Visualizing the Nation’s Capital: Two Centuries of Mapping Washington, D.C. is the first conference devoted to mapping the nation’s capital, covering the period from Pierre-Charles L’Enfant’s 1791 Plan of the City of Washington to the present. Participants include historians, archaeologists, building and landscape architects, urban planners, cartographers, geographers, land surveyors, Library of Congress specialists and Anthony Williams, the former mayor of Washington, D.C. The conference is presented by the Library and the Philip Lee Phillips Society, which was established in 1995 as an association of collectors, geographers, historians and map enthusiasts, with a shared interest in supporting and promoting the programs and activities of the Library’s Geography and Map Division. The conference is free and open
to the public. Reservations are needed; contact
SpecialEvents@loc.gov or call 202-707-1616.

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Friday, 18 May 2012 (Coolidge Auditorium, Thomas Jefferson Building) (more…)

At Auction | Rare 1792 Silver Center Cent Coin

Posted in Art Market by Editor on April 14, 2012

A Heritage Auctions press release (5 April 2012), as noted at ArtDaily.com:

Heritage Auctions, Central States U.S. Coin Auction
Schaumburg, Illinois, 18-20 April 2012

Highest bid as of 13 April: $1,000,000

DALLAS – One of the most historic coins struck by the early U.S. Mint, a 1792 Judd-1 Silver Center cent pattern, MS61 Brown PCGS, headlines the Heritage Auctions April 2012 Central States Signature U.S. Coin Auction, April 18-20, with Platinum Night offerings on April 19.

“Our long-running relationship with the Central States Numismatic Society and conducting its annual convention’s official auction is alive and well,” said Greg Rohan, President of Heritage, “as is our tradition of bringing important rarities to those auctions. The 1792 Silver Center cent is tremendously important to the history of U.S. coinage – arguably far more so than a number of better-known and more celebrated rarities.”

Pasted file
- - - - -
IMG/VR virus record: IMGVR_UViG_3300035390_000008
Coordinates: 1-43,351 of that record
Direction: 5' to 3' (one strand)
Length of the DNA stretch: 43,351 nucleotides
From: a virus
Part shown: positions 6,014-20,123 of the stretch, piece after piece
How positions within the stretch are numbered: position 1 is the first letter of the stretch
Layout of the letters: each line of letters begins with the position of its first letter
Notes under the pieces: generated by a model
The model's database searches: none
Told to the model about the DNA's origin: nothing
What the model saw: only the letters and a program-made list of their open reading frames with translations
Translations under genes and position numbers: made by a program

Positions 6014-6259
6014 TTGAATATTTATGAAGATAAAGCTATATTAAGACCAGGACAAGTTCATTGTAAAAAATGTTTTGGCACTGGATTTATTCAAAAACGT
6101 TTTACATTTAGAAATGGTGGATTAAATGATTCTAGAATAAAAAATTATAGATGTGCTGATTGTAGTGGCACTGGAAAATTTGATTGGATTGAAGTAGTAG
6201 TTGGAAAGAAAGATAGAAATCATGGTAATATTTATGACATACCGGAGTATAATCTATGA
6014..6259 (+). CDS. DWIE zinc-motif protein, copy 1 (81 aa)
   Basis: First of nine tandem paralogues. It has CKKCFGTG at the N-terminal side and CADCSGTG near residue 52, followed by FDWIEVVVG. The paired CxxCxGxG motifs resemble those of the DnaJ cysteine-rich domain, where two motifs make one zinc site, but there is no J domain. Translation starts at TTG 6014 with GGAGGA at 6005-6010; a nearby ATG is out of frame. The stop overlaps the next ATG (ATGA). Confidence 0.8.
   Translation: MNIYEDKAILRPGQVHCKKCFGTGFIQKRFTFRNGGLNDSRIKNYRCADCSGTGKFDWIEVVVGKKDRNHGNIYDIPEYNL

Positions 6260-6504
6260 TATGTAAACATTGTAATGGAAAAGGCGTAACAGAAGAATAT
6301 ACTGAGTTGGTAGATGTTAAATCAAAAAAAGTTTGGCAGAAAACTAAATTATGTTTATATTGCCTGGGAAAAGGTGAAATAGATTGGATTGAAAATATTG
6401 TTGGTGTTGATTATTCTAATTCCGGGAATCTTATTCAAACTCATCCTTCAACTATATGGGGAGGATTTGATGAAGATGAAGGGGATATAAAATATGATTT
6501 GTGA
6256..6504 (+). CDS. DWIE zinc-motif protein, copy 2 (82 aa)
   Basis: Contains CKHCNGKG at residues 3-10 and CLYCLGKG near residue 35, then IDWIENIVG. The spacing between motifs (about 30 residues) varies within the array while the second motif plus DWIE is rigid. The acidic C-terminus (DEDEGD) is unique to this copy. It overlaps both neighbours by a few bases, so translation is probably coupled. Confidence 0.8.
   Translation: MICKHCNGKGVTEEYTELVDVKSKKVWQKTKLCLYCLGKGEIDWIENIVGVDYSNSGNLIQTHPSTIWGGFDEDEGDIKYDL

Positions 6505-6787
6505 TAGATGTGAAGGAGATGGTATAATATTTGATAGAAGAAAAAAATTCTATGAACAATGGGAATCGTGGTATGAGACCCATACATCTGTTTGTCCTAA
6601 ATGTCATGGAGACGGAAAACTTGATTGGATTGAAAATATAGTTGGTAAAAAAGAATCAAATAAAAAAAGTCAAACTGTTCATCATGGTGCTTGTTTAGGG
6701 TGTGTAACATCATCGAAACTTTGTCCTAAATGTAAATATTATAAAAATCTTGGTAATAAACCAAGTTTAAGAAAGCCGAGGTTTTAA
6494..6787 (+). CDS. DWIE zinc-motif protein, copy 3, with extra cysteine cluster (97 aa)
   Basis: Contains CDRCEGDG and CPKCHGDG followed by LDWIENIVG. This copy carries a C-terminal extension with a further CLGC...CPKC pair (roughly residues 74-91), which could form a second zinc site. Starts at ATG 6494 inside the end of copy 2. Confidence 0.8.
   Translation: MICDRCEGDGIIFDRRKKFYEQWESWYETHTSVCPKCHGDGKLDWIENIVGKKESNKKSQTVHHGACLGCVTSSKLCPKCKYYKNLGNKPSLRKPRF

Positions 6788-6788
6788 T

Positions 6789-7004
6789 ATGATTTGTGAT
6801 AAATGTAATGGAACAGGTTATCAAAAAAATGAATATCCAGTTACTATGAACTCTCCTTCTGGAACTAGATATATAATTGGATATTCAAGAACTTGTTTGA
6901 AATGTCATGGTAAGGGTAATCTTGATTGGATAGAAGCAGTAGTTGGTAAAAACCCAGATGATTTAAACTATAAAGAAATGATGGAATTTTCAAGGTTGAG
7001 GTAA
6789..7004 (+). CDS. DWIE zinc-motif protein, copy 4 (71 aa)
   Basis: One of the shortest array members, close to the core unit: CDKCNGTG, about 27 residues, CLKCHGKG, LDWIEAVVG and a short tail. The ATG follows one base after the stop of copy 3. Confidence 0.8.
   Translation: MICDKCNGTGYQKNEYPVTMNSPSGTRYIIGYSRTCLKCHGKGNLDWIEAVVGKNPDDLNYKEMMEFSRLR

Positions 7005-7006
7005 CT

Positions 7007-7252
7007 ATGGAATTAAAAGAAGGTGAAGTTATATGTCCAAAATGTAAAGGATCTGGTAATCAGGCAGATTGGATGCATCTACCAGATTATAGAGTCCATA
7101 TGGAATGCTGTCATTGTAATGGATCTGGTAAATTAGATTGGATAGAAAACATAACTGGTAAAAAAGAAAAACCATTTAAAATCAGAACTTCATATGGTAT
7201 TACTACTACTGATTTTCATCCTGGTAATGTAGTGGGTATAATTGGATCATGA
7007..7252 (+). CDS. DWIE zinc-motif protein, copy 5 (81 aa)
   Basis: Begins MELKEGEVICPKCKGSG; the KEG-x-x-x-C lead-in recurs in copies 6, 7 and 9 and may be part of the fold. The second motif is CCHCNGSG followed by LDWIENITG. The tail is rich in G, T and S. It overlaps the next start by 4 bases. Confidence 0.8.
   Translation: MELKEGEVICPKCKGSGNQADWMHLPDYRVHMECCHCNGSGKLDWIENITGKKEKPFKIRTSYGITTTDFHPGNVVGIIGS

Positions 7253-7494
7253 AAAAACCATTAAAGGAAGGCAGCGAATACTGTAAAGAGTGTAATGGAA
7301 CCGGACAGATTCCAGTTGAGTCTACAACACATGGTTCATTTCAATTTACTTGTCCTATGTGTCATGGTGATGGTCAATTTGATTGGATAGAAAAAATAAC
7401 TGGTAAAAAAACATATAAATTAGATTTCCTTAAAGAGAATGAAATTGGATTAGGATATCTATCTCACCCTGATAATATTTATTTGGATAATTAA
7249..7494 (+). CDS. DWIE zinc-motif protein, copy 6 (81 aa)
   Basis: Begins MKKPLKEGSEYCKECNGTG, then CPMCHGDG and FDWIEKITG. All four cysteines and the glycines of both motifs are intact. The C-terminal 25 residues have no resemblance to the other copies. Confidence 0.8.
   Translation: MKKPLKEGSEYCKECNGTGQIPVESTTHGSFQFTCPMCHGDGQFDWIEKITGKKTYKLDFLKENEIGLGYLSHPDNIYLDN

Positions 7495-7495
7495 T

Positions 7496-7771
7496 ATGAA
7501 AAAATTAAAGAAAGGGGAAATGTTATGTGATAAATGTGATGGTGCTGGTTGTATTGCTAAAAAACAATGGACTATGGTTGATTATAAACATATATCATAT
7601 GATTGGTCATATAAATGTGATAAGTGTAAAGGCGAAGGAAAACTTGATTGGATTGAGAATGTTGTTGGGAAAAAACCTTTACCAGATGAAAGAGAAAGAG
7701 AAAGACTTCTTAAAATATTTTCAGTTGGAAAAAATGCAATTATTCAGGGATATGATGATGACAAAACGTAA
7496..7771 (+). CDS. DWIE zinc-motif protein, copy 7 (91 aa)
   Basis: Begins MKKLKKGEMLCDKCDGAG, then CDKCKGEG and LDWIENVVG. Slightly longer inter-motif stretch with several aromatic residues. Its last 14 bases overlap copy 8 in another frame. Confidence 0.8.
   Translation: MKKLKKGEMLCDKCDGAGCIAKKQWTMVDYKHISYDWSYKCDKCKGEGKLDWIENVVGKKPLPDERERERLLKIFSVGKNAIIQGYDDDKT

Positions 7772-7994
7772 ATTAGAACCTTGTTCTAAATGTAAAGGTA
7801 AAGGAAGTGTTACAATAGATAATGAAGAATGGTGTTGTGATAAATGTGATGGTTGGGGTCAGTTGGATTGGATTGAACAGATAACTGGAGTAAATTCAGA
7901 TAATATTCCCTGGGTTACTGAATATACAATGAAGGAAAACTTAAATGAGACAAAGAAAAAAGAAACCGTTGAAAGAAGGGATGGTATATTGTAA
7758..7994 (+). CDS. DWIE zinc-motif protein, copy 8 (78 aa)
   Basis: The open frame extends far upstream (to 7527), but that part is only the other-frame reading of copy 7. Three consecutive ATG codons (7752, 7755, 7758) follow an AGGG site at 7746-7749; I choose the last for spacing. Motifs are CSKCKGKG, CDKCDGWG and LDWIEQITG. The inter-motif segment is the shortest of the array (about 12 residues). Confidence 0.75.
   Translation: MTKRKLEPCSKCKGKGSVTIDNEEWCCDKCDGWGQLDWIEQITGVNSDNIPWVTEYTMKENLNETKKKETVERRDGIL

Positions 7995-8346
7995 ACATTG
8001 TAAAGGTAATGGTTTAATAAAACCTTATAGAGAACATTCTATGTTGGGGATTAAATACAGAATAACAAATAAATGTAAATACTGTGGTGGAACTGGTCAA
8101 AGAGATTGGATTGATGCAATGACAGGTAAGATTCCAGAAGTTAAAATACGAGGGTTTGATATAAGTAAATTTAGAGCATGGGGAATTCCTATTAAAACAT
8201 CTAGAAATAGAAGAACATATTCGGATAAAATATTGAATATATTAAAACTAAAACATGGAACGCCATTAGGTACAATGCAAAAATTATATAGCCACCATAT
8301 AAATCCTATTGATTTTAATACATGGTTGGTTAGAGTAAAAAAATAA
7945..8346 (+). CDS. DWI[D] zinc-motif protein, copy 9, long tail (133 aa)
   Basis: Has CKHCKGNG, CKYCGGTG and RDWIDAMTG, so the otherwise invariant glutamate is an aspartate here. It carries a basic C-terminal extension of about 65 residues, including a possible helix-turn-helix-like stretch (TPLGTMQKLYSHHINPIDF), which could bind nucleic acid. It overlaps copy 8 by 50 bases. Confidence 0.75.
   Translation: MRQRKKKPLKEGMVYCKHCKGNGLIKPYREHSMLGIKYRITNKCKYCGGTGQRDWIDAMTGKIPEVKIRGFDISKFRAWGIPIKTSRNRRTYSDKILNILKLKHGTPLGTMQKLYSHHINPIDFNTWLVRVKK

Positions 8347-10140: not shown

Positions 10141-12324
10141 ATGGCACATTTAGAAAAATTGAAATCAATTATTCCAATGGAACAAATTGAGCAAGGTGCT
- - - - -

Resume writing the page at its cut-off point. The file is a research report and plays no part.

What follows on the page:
The 1792 Silver Center cents were experimental pieces designed by Chief Coiner Henry Voigt to remedy a flaw in the Mint Act of 1792: the official weight for one cent coins would have made them too large and heavy for practical use. Voigt suggested a small silver plug, worth ¾ of a cent, surrounded by copper worth ¼ of a cent. The value of the metal would be the same, but the Silver Center cent was designed to be smaller and easier to handle. The Silver Center cents were the first coins struck on the grounds of the U.S. Mint, lending them great historical importance, but they never went into general production and are very rare today. Congress reduced the official weight of the cent instead, making an all-copper coin more practical. Heritage’s roster of Silver Center cents counts only 14 positively identified survivors. This Silver
Center cent, presented as An Offering From The Liberty Collection,
was used to illustrate the type in Walter Breen’s famous
Encyclopedia and is pictured in certain past editions of A Guide
Book of United States Coins,
popularly known as the “Red Book.” . . .

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Update (added 20 April 2012) — The coin sold for $1million (plus the 15% commission), as noted here»

Catherine Molineux on Visual Ethnography

Posted in lectures (to attend) by Editor on April 14, 2012

Catherine Molineux | Visual Ethnography:  The Travelogue Illustration as a Site of Encounter
The Newberry Library, Chicago, 28 April 2012

Please join us Saturday, April 28, 2012, 2-4 pm for our Newberry Library Eighteenth-Century Seminar works-in-progress session with Catherine Molineux of Vanderbilt University.